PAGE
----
A hero is defined not by victory but by defeat.  Only in defeat can you show what you’re really made of.  Only in final defeat can you show that you will never give in.  That’s why the gods have to die as well.  If they did not die, how could they show true courage?  If they were really immortal and invulnerable, who would respect them?

At a time when so many people feel as though the world is stacked against them, seeing Superman score yet another preordained victory isn’t so compelling.  Better to root for a loser, to see Deadpool grin through a mouthful of cracked teeth and make one more bad joke before he passes out.

Especially for people in prison and jail.  Many were born into crummy situations.  After they’re released, they’ll have to navigate the world with huge additional burdens impeding their efforts – if you haven’t read it, you should check out poet Reginald Dwayne Betts’s lovely essay about trying to become a lawyer despite having been convicted of a felony when he was a kid.

I hope the people we’ve incarcerated manage to carve out some form of success.  We should want that for everyone.  People can grow and change; why not do what we can to help others change for the better?

But maybe these people will not win.  Maybe they’ll submit dozens of job applications but receive no interviews.  Maybe nobody will want to give them a second chance.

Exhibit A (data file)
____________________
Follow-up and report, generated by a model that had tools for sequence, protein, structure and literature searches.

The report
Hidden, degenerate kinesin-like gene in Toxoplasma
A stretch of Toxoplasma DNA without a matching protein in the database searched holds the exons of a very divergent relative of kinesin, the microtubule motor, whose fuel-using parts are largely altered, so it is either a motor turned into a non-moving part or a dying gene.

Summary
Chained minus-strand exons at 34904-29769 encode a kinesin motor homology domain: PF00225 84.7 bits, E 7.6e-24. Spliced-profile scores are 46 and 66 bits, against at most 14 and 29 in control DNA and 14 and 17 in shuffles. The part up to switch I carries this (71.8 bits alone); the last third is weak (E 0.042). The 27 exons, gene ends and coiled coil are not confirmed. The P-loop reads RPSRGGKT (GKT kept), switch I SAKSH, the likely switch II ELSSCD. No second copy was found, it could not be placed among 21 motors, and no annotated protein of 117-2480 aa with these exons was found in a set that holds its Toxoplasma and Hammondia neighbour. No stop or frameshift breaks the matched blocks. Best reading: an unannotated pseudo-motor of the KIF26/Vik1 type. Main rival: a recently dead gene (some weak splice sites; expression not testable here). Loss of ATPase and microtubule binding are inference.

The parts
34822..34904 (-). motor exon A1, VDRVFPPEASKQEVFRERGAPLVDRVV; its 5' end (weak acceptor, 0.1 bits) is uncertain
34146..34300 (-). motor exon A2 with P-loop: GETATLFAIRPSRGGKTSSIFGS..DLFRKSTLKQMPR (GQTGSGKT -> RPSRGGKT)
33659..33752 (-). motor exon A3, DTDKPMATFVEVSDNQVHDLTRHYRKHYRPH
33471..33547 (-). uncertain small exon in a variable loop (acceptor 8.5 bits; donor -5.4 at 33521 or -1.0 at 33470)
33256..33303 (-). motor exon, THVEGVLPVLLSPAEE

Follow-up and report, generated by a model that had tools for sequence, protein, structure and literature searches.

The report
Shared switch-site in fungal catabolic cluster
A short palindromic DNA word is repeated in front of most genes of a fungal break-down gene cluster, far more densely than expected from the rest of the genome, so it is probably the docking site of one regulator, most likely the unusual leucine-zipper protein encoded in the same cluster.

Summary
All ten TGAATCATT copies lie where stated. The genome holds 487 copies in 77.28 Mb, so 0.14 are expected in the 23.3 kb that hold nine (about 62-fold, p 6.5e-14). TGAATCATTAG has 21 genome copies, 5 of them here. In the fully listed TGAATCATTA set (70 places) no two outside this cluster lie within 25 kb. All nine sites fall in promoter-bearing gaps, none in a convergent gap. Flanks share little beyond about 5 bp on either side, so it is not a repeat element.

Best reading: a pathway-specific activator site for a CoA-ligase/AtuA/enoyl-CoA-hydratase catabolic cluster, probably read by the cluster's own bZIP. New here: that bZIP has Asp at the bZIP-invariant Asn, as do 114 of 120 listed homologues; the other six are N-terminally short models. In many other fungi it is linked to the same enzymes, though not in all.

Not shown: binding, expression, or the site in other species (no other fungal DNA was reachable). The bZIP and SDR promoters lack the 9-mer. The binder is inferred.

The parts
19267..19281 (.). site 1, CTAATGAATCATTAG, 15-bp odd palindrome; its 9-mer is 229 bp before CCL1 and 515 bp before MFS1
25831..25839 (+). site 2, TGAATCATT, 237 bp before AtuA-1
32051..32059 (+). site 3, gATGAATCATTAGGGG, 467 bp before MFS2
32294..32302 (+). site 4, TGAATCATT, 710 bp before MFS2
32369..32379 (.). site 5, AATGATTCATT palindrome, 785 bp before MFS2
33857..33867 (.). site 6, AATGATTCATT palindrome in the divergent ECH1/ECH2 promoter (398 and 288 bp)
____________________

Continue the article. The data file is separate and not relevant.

That is, unfortunately, the way it often happens.

Would defeat hurt less if we celebrated myths in which our heroes suffer, too?  And not just the way Jesus suffered, undergoing a torturous death as a trial before his ultimate ascension.  What would our world be like if we venerated gods who died with no hope of rebirth or redemption?

George Patton said, quite accurately,

Americans love a winner and will not tolerate a loser.

But people at the bottom are strong, too – often stronger than those whom fate allowed to start at the top and stay there.  Our world will be a better place once we learn to show kindness to those who actually need it.

On correspondence.

On correspondence.

1280px-Plasmid_(english).svgDNA plasmids are small loops of genetic information that can change the behavior of bacteria.  With the right (wrong?) plasmids, you could take innocuous E. coli and make it very dangerous.

As best I could tell from a few minutes spent skimming the USPS documents describing “hazardous, restricted, and perishable mail,” it’s not actually illegal to ship plasmids.  Many biomedical researchers have long assumed that it was illegal, though.  Not that we didn’t do it.  But we always took steps to sneakily circumvent the laws we assumed existed.

Plasmids are dangerous, after all.  Why wouldn’t there be a law?

DNA is very stable.  Its stability is probably the whole reason it exists.  Most scientists assume that life began as self-replicating strands of a molecule called RNA, which is very similar to DNA except more prone to falling apart.  Each of our cells is like a tiny factory – proteins are the machines, RNA are blueprints, and DNA is a file cabinet.

(K says this analogy is no good because a file cabinet is an “archaic technology.”  I have several early drafts of my novel – plus the entire three-year run of Evil Dave vs. Regular Dave – in a file cabinet next to our bed.  I wonder, am I an archaic technology?)

DNA is so stable that it can be dried out and shipped across the country without coming to any harm.